You have reached Brighton Writes, a regularly updated blog featuring all the latest news and opportunities for creative writers in Sussex and beyond.
Bridging the gap between personal writing, community arts and published literature, in association with Creative Future
After some consideration, I have decided not to continue with this blog for the time being. However, I will leave it online as a resource for those who may find it useful.
Wishing all my readers the best in your creative endeavours, whether in Brighton or beyond…
Poet Collette Waller, whose experience of Multiple Sclerosis is the subject of her debut collection, Party Girl (£4.99 at Rosetta Live), is profiled in The Guardian this week.
Storm Warning, a short story collection by Vanessa Gebbie, launches at the Nightingale Theatre (above Grand Central) tomorrow, November 23, at 6pm (free admission, pay bar.)
Submissions wanted for Unthank Books’ annual ‘Unthology’, and Urban District Writer zine. The Writers and Artists Short Story Competition and the Warren Adler Short Story Contest are open until early 2011, while the winning entries in Brighton & Hove Libraries’ We Love Poetry have been announced.
Over at Jubilee Library, historian Frank Flood will be talking about Brighton’s cinemas on Thursday 25th at 7pm (£3), and for teens, a Manga Workshop on Saturday 27th, 11-12.30 (free, book in advance.)
Brighton, as featured in Peter James’ Roy Grace series, is named among Maxim Jakubowski’s Top Ten Crime Locations, while a trailer for the 2011 film adaptation of Graham Greene’s Brighton Rock (set amid the Mods and Rockers riots of 1964) has just been released.
Today’s photo is part of the Swandown Installation, a collaboration between author Ian Sinclair and film-maker Andrew Kotting, on view at the Regency Town House tonight at 6pm (£4, limited). ‘Shoot the Poets’, showcasing original projects by writers, film-makers and performers, is on Wednesday 24th at 8pm, Electric Palace cinema, Hastings (£5).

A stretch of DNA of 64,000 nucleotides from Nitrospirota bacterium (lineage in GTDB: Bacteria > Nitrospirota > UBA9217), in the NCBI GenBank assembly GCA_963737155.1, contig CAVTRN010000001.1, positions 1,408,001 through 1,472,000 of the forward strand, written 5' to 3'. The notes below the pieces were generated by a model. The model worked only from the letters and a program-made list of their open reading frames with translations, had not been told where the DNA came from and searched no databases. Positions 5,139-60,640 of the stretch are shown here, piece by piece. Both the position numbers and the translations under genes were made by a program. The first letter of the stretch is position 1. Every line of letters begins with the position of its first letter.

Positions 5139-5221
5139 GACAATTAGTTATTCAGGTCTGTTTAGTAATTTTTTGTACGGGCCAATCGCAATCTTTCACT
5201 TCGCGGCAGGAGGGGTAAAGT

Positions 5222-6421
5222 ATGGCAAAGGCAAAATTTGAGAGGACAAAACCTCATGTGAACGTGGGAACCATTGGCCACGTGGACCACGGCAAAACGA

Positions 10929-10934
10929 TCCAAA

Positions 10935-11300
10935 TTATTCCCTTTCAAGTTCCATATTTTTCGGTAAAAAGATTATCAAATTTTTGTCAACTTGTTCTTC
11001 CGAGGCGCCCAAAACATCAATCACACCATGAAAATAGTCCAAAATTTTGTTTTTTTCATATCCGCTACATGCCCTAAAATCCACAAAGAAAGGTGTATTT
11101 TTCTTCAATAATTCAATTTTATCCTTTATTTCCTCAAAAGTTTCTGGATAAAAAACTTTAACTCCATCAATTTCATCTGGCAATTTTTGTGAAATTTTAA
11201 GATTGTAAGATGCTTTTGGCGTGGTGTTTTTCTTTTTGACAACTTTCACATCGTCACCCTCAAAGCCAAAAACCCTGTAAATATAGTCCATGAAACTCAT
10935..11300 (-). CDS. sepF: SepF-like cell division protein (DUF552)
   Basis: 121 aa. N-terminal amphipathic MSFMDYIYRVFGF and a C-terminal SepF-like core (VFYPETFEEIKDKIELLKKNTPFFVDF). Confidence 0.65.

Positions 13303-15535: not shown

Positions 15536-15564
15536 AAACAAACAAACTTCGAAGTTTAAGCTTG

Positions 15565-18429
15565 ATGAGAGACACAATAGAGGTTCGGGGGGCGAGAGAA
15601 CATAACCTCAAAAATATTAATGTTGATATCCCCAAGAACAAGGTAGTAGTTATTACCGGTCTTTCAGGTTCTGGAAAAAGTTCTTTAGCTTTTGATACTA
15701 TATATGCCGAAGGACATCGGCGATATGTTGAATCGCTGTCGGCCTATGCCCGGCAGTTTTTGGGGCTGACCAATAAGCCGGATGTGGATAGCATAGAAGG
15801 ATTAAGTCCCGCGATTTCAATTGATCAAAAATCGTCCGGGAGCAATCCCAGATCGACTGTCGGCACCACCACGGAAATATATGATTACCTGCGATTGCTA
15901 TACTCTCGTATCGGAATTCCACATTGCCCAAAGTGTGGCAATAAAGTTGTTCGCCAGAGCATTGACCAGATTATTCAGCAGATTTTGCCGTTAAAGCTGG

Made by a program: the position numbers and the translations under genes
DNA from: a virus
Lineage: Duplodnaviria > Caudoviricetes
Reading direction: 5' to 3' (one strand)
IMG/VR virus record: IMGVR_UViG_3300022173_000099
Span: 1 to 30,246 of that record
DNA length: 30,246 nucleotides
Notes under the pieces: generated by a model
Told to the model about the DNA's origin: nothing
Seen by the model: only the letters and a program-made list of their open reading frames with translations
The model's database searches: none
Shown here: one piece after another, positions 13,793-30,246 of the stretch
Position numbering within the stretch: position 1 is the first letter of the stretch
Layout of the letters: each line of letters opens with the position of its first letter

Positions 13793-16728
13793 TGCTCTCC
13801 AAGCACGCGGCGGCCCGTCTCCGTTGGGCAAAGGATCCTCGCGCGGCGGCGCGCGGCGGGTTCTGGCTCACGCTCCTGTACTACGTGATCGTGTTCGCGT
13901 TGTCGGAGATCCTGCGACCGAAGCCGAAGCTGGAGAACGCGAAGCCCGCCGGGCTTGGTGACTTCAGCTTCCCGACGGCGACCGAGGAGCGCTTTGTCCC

And for your reading pleasure, a poem (‘You’re Not Cool Enough to Be in My Band’ by John Osborne, Popshots) and a short story (‘For Murder, Just Add Water’ by Ian D. Smith, The New Flesh.)
Posted in Anthologies, Book Launches, Competitions, Lectures, Local History, Poetry, Short Stories, Workshops
Tagged Brighton, Brighton Rock, Collette Waller, Frank Flood, Hastings, Ian D. Smith, John Osborne, Jubilee Library, Manga, Nightingale Theatre, Peter James, Shoot the Poets, Storm Warning, Swandown Installation, Unthank Books, Urban District Writer, Vanessa Gebbie, Warren Adler, We Love Poetry, Writers and Artists
The last Ace Stories event for 2010 is at the Hotel Pelirocco tomorrow, Sunday November 13 at 6pm, featuring James Miller, Jeff Sheppard, and Brighton-based author Louise Halvardsson. (Louise’s work will also be featured in ‘Into the Dark’, a night of short stories, read by actors at the New Venture Theatre, next Friday, November 19, at 7.45 pm. Submit stories of up to 1500 words to firstname.lastname@example.org by Thursday.)
At the Brighton Dome on Thursday November 18 at 7.30pm, former Labour MP Clare Short talks to the Egyptian feminist author Nawal El Saadawi. And the Storyville Women Writer’s Festival is at the Dome next weekend, featuring talks by Jackie Kay, Lionel Shriver and Ali Smith.